“Mitigation will require new bootloaders to be signed and deployed, and vulnerable bootloaders should be revoked to prevent adversaries from using older, vulnerable versions in an attack. This will likely be a long process and take considerable time for organizations to complete patching,” the security company explained in its blog. According to Eclypsium, “Mitigation is complex and can be risky and will require the specific vulnerable program to be signed and deployed, and vulnerable programs should be revoked to prevent adversaries from using older, vulnerable versions in an attack. The three-stage mitigation process will likely take years for organizations to complete patching.”

However, once a system has been compromised it will appear to operate as normal even though malware has complete access to the whole system/OS. The malicious code then resides in the bootloader silently, and thus will persist even after re-installing the operating system. As explained before, the vulnerability (CVE-2020-10713) has been assigned a CVSS score rating of 8.2, meaning attackers can exploit the vulnerability to gain near-total access to any effected device.

Eclypsium says BootHole can be (ab)used to tamper with the bootloader, or even replace it with a malicious or vulnerable version. More importantly, Eclypsium firm says that a BootHole attack also works even when servers or workstations have the ‘Secure Boot’ enabled. As you already know, Secure Boot is a process where the server/computer uses cryptographic checks to make sure the boot process loads only cryptographically signed firmware components. But BootHole works even with Secure Boot enabled because for some devices and OS setups, the Secure Boot process does not cryptographically verify the grub.cfg file, hence allowing attackers to tamper with its content.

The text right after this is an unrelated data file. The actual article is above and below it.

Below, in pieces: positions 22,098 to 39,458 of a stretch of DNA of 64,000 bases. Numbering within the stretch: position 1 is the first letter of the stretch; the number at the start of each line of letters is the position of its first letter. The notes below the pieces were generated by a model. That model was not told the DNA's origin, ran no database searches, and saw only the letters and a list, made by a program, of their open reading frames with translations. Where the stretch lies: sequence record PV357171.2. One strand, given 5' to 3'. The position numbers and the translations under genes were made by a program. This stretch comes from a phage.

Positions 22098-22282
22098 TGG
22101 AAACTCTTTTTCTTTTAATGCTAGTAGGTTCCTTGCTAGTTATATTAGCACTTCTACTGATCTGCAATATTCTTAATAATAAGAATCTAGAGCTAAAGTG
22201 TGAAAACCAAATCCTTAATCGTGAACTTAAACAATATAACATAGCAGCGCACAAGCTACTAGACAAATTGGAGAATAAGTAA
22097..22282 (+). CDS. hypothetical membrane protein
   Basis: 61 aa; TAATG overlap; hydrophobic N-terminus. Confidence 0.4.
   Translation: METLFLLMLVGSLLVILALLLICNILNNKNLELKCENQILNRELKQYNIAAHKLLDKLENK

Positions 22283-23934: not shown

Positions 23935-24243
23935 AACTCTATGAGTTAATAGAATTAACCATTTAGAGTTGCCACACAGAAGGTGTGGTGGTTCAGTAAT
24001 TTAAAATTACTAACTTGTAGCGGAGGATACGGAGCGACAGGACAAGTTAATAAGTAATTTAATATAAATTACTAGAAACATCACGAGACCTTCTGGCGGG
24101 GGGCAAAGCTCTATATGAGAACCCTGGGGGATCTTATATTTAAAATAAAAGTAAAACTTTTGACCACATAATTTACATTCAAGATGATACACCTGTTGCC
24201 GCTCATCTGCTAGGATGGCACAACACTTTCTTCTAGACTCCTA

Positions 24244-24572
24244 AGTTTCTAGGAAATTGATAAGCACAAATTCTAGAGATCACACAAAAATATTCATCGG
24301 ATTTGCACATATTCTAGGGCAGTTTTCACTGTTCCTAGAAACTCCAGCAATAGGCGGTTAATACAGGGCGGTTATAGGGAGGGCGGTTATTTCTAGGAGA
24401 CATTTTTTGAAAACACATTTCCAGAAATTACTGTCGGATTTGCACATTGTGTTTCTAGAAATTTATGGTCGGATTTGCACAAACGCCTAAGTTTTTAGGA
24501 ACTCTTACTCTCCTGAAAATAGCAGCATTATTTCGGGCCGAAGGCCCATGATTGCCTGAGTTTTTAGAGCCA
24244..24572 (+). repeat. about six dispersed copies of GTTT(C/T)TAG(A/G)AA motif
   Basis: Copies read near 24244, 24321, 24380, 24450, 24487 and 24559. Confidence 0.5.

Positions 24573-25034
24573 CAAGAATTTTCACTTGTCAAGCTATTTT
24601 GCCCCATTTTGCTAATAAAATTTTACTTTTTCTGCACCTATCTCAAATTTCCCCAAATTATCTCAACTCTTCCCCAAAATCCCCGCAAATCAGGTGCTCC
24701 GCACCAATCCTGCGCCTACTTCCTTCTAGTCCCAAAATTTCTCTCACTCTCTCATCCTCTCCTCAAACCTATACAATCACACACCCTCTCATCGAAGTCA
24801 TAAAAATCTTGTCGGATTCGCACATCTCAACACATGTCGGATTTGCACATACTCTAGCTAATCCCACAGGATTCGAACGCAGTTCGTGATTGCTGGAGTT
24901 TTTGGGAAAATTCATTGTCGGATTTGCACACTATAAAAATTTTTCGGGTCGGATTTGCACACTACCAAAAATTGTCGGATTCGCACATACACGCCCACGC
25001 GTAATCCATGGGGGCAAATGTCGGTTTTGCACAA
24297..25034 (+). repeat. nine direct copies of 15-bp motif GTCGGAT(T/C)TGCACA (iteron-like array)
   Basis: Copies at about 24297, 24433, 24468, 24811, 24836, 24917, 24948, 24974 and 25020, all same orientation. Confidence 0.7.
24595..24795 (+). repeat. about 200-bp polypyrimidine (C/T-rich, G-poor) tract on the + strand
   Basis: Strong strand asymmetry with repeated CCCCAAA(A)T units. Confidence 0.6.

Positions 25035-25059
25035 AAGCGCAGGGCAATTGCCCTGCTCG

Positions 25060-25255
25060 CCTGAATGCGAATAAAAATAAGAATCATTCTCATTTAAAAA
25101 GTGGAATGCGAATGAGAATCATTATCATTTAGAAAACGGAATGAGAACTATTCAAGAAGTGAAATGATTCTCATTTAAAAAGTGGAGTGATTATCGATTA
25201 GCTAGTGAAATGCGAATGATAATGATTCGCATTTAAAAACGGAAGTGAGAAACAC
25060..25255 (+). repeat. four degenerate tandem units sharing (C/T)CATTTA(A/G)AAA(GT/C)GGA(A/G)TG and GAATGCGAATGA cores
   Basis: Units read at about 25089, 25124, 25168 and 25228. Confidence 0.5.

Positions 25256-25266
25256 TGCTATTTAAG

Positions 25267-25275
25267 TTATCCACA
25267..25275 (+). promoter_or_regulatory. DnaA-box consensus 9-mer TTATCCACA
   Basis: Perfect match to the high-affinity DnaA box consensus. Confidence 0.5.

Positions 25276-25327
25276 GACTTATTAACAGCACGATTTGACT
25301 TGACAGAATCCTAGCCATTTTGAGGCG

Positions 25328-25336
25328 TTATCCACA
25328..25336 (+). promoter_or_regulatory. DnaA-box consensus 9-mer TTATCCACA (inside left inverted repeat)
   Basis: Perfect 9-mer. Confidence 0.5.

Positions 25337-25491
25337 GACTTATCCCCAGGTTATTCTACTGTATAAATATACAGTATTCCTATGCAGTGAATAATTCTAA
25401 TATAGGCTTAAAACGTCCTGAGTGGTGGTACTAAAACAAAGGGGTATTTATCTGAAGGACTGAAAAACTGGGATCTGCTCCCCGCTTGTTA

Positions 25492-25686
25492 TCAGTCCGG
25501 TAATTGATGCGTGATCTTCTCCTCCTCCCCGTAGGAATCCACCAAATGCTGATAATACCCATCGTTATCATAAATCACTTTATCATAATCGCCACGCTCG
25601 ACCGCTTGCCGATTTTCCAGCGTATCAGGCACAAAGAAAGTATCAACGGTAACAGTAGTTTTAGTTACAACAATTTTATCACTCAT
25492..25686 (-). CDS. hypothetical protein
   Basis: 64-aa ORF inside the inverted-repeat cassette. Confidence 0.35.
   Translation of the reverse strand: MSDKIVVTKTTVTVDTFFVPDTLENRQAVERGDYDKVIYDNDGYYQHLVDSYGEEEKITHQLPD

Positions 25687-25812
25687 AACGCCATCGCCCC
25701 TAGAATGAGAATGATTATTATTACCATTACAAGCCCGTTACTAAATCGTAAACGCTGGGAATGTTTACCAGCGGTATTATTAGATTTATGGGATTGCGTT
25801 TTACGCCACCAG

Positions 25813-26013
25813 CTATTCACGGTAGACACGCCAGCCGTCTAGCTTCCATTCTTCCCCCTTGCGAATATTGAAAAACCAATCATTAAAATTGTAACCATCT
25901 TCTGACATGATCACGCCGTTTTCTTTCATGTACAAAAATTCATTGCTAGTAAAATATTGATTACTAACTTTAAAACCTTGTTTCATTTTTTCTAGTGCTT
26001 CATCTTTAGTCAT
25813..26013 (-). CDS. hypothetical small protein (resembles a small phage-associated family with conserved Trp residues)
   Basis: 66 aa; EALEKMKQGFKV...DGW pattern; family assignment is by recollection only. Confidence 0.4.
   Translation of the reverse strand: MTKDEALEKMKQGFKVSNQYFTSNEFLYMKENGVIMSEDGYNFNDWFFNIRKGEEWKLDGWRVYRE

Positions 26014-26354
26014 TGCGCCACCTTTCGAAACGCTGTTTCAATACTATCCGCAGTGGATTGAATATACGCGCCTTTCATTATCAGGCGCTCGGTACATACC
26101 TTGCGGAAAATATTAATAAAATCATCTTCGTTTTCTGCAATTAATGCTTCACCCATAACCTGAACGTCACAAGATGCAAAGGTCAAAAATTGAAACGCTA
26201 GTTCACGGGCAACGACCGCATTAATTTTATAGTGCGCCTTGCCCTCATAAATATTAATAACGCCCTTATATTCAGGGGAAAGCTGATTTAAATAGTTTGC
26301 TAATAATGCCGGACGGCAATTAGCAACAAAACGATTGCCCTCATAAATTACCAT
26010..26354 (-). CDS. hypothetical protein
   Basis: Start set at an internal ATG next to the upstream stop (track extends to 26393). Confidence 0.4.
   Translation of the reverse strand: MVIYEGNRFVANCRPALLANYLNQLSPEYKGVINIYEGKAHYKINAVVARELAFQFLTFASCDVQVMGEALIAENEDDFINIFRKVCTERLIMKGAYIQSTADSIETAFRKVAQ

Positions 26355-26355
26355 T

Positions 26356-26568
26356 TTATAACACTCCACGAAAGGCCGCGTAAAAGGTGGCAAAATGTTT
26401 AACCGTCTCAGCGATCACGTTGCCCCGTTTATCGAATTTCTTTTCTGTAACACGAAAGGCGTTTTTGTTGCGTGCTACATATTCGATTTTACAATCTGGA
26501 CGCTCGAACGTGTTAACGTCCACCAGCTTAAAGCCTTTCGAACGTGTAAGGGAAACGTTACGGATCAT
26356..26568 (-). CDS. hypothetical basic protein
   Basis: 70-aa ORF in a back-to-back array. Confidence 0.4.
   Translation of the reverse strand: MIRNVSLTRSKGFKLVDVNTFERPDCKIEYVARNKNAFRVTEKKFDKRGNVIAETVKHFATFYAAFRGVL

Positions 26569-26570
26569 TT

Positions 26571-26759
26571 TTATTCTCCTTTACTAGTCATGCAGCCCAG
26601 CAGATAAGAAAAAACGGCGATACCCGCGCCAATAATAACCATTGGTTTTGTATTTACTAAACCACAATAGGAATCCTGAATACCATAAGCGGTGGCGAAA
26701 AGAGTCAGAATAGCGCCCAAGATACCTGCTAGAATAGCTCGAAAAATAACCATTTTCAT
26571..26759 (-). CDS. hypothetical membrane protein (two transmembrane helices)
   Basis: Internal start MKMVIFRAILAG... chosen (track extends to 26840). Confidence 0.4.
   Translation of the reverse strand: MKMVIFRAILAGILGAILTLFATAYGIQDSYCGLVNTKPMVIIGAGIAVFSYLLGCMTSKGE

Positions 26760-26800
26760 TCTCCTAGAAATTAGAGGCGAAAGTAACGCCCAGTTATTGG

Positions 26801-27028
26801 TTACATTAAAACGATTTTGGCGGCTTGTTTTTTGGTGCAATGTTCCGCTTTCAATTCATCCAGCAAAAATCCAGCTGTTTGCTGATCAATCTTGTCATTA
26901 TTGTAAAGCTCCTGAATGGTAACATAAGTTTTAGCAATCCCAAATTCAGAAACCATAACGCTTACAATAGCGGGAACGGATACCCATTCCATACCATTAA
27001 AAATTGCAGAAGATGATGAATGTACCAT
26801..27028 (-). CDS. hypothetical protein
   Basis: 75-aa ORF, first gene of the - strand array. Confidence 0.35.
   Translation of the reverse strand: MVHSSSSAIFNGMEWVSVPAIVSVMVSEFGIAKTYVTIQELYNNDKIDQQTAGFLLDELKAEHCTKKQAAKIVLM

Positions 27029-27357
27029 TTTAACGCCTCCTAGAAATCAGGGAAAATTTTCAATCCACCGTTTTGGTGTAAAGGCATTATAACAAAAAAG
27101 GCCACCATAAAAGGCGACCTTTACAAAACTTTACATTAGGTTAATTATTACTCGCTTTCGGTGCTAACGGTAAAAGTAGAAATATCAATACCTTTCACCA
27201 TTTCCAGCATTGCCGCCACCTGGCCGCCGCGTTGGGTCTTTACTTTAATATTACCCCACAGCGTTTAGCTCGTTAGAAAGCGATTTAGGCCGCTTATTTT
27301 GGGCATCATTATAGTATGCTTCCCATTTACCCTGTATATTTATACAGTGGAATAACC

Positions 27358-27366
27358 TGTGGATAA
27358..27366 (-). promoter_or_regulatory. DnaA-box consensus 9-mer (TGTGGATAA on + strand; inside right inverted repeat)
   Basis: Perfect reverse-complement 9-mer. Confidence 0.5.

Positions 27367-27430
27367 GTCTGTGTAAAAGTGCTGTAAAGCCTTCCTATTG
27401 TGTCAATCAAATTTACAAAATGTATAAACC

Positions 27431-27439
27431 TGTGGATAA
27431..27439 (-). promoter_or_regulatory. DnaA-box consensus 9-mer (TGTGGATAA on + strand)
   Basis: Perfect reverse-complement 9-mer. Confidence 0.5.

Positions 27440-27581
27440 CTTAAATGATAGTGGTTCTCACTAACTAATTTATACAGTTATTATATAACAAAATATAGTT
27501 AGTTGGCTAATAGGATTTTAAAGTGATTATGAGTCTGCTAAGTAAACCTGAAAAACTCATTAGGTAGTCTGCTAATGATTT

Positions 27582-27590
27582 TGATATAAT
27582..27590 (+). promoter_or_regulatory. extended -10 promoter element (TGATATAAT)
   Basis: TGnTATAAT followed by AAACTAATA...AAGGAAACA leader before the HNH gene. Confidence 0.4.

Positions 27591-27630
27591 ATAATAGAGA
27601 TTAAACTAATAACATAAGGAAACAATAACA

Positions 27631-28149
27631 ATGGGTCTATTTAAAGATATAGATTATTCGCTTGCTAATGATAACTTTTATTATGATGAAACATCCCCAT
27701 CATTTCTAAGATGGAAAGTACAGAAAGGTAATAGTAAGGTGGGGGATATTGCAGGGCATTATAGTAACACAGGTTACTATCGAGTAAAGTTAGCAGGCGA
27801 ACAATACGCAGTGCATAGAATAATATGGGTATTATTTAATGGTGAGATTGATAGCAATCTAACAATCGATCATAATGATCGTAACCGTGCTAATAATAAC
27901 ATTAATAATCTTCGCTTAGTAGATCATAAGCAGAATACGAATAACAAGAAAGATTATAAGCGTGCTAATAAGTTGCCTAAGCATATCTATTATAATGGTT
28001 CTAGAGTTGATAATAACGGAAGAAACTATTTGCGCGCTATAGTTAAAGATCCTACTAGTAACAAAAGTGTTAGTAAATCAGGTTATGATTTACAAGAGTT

The GRUB2 (Grand Unified Bootloader) handles loading of the system and transferring control to the OS during boot time, and if this whole loading process is compromised, attackers can gain full access and control of the effected system. Eclypsium says it has been notifying the entire hardware and software ecosystem about BootHole. The company estimates that almost every Linux distribution is impacted by this vulnerability, as all use GRUB2 bootloaders that read commands from an external grub.cfg file. “To date, more than 80 shims are known to be affected,” Eclypsium said. Shims are actually components that allow vendor/OEM-specific firmware code to interact with GRUB2. “In addition to Linux systems, any system that uses Secure Boot with the standard Microsoft UEFI CA is vulnerable to this issue,” the research team added.

IT companies are expected to release patches to address BootHole in their products, including firms like Microsoft, UEFI Security Response Team (USRT), Oracle, Red Hat (Fedora and RHEL), Canonical (Ubuntu), SuSE (SLES and openSUSE), Debian, Citrix, HP, VMware, and also including OEMs, and Software vendors. Eclypsium researchers expect patching to take a long while, as fixing ‘bootloader’ bugs is usually a very complex process due to the multitude of components, and nature of advanced cryptography involved in this whole process.